Thank you very much.

Posted By David Elliott

David Elliott is the Assistant Policy Director at the National Iranian American Council.

    9 Responses to “President Obama’s really, really important statement about Iran”

  1. ex-obama supporter says:

    Shame on You Obama for agreeing to shake the hands of the dictators who rape torture and kill their own people, shame on you for talking to a bunch of terrorists who have taken their own people hostage, shame on you for letting the only genuine democratic movement in the middle east down, today you betrayed democracy, human rights and freedom!

  2. Please Remember What I am writing today!!!

    Never, Never and Never trust what this Regim of Iran are promissing, Never.

    They buying time and one day soon evrybody will be sorry.

    About 6 or seven years ago I wrote a letter to Washington and said my openion about these islamic Republic of Iran, ( not the people of Iran ) The islamic “Mulas” how Satanic, Charletan and Quackery they are.

    The only selution is this regim to be changed as soo as only few months.

  3. One NIAC Member says:

    So, what happened to human rights issue? I guess P5+1 does not care, why should they. Thank you president Obama.

  4. john says:

    Obama, give me my vote back.

    Way to champion human rights and democracy. What a joke.

  5. Pirouz says:

    GREAT NEWS!

    Thank you President Obama. This is the first real change you’ve managed to initiate for the US, and I’m very happy it deals with Iran, a country with which we Iranian-Americans very much wish to gain better relations.

    For their part , the Islamic Republic of Iran appears to be taking a smart line.

    From this vantage point, there is now reason to finally hope for improved ties between our two countries.

    To all the pessimists and nay-wishers out there, your priorities are completely wrong.

    Thanks again President Obama, and thank you NIAC.

  6. john says:

    Yes our priorities are our family and friends living under a brutal dictatorship with no human rights.

    Thanks NIAC and Pirouz for propping up the regime. You think the millions that went into the streets want this regime legitimized by negtiations.

    As you can see no one is talking about human rights.

    Thanks

  7. James says:

    Talking to someone doesn’t mean you like them. Talking doesn’t equal ‘propping up the regime.’ That’s ridiculous. We talked to Mao. We talked to Stalin. Reality sometimes means we have to talk to terrible people.

    The US envoy *did* bring up human rights, even though it was a forum set up to discuss the nuclear issue. Read the NY Times article about this.

  8. Someone says:

    The green movement in Iran didn’t need U.S. support to form and it doesn’t need U.S. support to continue its challenge to the regime and its demand for human rights.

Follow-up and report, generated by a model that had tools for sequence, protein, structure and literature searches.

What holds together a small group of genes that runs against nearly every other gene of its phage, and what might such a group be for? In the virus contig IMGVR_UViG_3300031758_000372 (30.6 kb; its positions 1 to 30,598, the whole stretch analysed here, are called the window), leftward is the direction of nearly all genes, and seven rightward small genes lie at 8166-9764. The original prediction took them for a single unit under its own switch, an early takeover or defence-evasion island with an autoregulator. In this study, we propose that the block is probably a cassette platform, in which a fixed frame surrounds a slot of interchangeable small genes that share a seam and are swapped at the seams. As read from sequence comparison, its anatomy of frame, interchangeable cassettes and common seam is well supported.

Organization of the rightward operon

No, the U.S., when acting within the framework of international relations doesn’t care about democracy and human rights. Why should it? It is responsible to its own people, not the people of other countries.

    Furthermore, as much as I despise the destructive domestic policies of the current government in Iran, including its authoritarian nature, its brutal repression of those seeking their rights and the destruction of the manufacturing industries through cheap subsidised imports (and many others), I believe that the normalization of relations with the international community is something that ultimately will serve the interests of Iranians, not to mention all people in the Middle East.

    As a final note, let not forget that the legitimacy of the government comes from the people. Those who think Obama (a foreign ruler of a hitherto hostile nation) will give the Iranian government legitimacy don’t know what the word “legitimacy” means. (i.e. is Ghadaffi “legitimate” ever since he made his backroom deals with Washington?)

  9. omid bahari says:

    The new movement in Iran will be overcome all reationary forces of Iran & World. Whatever it is, Russian supporters of present Dictatorship or Obama as represantatives of jewish democrats merchants who sold iran to reationary regim of Khomeini.
    in 1953 you supported reactionary forces of iran and killed Dr. Mossadeq, who was the the most national ibration of iran.

    Have you gained the play?

    History will laugh to yoy fool presidents.

    Viva With Libration Movements in all the world
    Down with Islamic Repubilc of Iran, as the best symbole of Reaction

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Sign the Petition

 

7,349 signatures

Tell Google: Stop playing Persian Gulf name games!

May 14, 2012
Larry Page